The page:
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Caring for the Community

Health Workers Make a Difference
November 5, 2017

At the beginning of this year, the community health leaders in Terre Blanche and the surrounding areas started a new project to target sexually transmitted infections and high blood pressure. These two issues have come into focus based on numbers of cases and the impact on the community.

More than 3,000 patients come to the Clinic of Hope each year for high blood pressure. A health survey conducted in 2013 revealed that about half of the people in the community had never had their blood pressure checked, and more than half of them had high blood pressure. High blood pressure can lead to strokes, which are devastating for people no matter where they live but especially where resources are limited. The Clinic of Hope records nearly 5,000 cases of sexually transmitted infections each year.

Building on the success of the past eight years, the community health volunteers and supervisors decided to use home visits for blood pressure education, screening and monitoring. They are also using home visits for behavior change support to prevent sexually transmitted infections and provide education on when to get treatment.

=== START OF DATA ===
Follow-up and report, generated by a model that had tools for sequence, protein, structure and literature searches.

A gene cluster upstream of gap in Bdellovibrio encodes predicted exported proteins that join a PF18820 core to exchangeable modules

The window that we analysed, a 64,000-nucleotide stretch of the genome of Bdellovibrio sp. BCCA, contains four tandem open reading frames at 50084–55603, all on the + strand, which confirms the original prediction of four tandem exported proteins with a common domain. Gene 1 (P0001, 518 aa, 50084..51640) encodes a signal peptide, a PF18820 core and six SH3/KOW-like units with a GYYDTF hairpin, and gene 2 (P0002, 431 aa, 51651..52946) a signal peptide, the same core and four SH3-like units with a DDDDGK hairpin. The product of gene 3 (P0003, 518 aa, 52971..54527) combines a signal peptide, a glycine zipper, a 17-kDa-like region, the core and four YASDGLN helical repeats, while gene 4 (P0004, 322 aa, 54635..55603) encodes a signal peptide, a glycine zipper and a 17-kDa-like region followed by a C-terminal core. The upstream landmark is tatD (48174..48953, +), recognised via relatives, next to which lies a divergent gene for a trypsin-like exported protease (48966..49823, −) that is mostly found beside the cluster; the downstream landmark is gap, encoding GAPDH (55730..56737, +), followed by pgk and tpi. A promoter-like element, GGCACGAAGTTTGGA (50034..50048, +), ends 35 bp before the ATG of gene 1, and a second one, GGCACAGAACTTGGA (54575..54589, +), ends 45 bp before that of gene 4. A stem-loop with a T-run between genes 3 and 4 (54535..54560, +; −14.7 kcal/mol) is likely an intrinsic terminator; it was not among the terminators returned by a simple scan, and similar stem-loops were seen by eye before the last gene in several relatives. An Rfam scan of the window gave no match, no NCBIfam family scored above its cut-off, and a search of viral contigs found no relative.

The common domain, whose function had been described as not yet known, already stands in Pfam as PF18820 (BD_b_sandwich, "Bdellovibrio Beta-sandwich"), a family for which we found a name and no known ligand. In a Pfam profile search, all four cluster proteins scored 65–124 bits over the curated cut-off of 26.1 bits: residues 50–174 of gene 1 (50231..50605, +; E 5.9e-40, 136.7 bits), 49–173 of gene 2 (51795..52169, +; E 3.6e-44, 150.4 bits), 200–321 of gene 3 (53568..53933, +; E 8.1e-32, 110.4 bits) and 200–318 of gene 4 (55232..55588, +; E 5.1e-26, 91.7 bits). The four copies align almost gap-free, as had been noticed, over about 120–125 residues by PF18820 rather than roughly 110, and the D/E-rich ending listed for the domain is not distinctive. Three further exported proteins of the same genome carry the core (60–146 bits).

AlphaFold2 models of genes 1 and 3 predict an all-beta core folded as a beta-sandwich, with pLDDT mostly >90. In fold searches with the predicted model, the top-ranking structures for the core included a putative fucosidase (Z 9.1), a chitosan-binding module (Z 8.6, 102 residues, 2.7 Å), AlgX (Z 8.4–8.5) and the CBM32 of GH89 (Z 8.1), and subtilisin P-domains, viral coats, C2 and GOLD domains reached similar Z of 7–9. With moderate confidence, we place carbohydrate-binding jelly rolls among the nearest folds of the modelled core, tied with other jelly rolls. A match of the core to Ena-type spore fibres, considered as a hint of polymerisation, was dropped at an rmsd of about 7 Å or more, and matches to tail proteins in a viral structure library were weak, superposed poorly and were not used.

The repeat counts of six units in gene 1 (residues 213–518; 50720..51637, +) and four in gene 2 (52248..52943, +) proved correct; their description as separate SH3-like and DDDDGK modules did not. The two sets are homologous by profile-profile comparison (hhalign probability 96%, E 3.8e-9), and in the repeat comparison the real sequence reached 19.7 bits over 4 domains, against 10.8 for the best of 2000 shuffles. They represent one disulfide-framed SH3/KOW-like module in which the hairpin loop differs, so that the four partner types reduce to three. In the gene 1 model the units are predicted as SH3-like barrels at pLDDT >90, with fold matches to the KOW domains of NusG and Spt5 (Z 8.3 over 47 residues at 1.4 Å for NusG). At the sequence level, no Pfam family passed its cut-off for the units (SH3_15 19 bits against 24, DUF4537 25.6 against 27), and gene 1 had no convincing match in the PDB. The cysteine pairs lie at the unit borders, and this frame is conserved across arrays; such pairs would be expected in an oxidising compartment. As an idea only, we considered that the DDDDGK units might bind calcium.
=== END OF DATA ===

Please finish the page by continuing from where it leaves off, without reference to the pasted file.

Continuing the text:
The community health volunteers are a key link between the community and the clinic, making referrals and following up on patients. In the first six months of this new education plan, the volunteers conducted 36 community gatherings for education on sexually transmitted infections, making dozens of home visits to refer cases. They also monitored the blood pressure of 200 community members and referred 60 people for treatment.

The community health volunteers continue their other programs, including many to promote healthy mothers and children: diarrhea prevention (handwashing, breastfeeding, clean water), safe motherhood (refresher training for traditional midwives, education about danger signs), HIV prevention and treatment, tuberculosis monitoring and referral, nutrition tracking, and the treatment of malnutrition.

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